Voter’s reject the “Green At All Costs” agenda
Your Weekly Dose of “Common Sense“ Energy News
The Empowerment Alliance
November 5th, 2021
By now you have seen (and may already be paying) the Burdensome Biden Bill, which amounts to all the ways that the President’s policies are increasing costs on Americans. You can add the President’s Heat-Your-Home-Tax to the bill that Americans are going to pay this winter. To draw attention to these burdens that the president is passing on to middle and low income families, Republican Whip Steve Scalise (R-LA) hosted a discussion with energy sector leaders and other House Members as a part of Leader Kevin McCarthy’s roundtable series.
The increased costs may not seem like much to Democrats, but, “…forecasts already predict Americans will end up paying up to 54% more for their heat bills this year. The Democrats’ Heat-Your-Home-Tax will drive up their costs by up to $242 more per year.” This could be devastating to family budgets and leave people to decide whether to pay for food or President Biden’s increase to their heating bill. Thankfully, “House Republican Leader Kevin McCarthy (R-CA) is calling for increased investment in our domestic energy production and a greater commitment to fostering innovative solutions for our short and long-term energy production.”
And ICYMI – Rep. Byron Donalds (R-FL) was featured in a viral video clip during the House Oversight and Reform Committee hearing with energy sector executives. It is worth the two minutes to watch his comments.
The Bottom Line: An unexpected $250 bill may not seem like a lot to President Biden, but it is extremely burdensome to hard working Americans.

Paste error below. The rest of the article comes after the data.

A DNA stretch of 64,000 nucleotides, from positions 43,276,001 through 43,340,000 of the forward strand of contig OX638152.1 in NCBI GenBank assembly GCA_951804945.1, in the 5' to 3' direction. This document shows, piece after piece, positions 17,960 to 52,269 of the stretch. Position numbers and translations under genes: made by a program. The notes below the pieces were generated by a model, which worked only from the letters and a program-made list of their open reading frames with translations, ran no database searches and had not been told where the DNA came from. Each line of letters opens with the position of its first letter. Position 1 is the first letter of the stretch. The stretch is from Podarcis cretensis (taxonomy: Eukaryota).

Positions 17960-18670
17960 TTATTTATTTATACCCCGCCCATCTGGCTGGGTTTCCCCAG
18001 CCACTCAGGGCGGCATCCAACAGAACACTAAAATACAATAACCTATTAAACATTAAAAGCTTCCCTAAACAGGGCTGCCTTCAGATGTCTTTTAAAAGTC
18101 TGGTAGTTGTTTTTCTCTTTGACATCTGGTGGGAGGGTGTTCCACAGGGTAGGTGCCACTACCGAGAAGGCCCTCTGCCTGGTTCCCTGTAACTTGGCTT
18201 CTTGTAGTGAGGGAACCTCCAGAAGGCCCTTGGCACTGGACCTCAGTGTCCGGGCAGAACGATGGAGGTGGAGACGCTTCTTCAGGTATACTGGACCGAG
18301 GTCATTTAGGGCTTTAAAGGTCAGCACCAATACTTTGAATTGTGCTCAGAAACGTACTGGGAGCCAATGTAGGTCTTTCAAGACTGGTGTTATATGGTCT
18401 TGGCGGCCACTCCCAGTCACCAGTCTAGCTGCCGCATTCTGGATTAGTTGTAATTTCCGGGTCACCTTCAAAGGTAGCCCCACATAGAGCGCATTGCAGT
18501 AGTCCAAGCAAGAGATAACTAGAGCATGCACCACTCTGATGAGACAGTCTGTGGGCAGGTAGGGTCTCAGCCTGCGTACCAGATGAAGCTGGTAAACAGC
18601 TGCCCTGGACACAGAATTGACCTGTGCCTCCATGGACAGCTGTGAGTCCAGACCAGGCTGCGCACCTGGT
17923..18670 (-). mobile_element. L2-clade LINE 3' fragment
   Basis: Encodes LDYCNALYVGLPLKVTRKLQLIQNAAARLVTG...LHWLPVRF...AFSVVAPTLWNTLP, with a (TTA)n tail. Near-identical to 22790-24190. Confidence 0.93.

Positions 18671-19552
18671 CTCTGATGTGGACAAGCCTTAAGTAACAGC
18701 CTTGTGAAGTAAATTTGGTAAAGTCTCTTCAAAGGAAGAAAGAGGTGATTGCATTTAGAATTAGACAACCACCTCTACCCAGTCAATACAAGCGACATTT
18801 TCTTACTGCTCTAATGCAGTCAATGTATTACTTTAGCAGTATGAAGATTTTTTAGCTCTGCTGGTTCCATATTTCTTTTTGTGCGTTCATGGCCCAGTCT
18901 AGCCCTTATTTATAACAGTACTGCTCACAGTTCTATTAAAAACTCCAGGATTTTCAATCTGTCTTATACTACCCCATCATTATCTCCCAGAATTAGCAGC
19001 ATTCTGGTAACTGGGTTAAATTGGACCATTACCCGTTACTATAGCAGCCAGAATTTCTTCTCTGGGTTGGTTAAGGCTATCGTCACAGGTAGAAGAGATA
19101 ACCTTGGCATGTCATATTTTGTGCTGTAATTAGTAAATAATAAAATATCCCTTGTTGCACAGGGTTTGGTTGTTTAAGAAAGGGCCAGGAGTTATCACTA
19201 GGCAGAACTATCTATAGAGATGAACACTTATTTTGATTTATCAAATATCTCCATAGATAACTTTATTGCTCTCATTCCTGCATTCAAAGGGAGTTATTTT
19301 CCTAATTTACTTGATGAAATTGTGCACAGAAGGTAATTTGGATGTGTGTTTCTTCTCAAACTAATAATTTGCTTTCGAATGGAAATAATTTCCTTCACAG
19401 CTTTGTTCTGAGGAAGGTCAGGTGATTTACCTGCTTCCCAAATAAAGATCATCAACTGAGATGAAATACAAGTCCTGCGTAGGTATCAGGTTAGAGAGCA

The methane fee is back. But let’s call it what it is…a tax. Whether it comes from EPA or the reconciliation bill, this additional cost is going to be paid by American households. Energy producers are facing new regulations from the EPA and a “duplicative and punitive natural gas tax” according to Frank Macchiarola, the American Petroleum Institute’s senior vice president of policy, economics and regulatory affairs.
Not only will an additional tax increase costs for families, Rep. Bill Johnson (R-OH) draws attention to the bigger picture, “…energy inflation is a crisis. It’s a national security crisis because energy policy is national security policy in this country.” By creating a hostile policy environment for businesses that provide a critical resource like energy, President Biden is making America less secure (by forcing us to rely on foreign energy suppliers) and making it more difficult for middle and low income families to pay their bills. Sen. John Barrasso (R-WY) said Wednesday ahead of the COP26 that it will, “take us from being a nation that is energy dominant and energy wealthy to a nation of energy weakness.”
We need leaders that take a common sense approach to America’s energy future and who promote clean, abundant and affordable solutions. The big question is, will Sen. Joe Manchin (D-WV) continue to stand up for average Americans and their wallets by opposing any form of methane tax?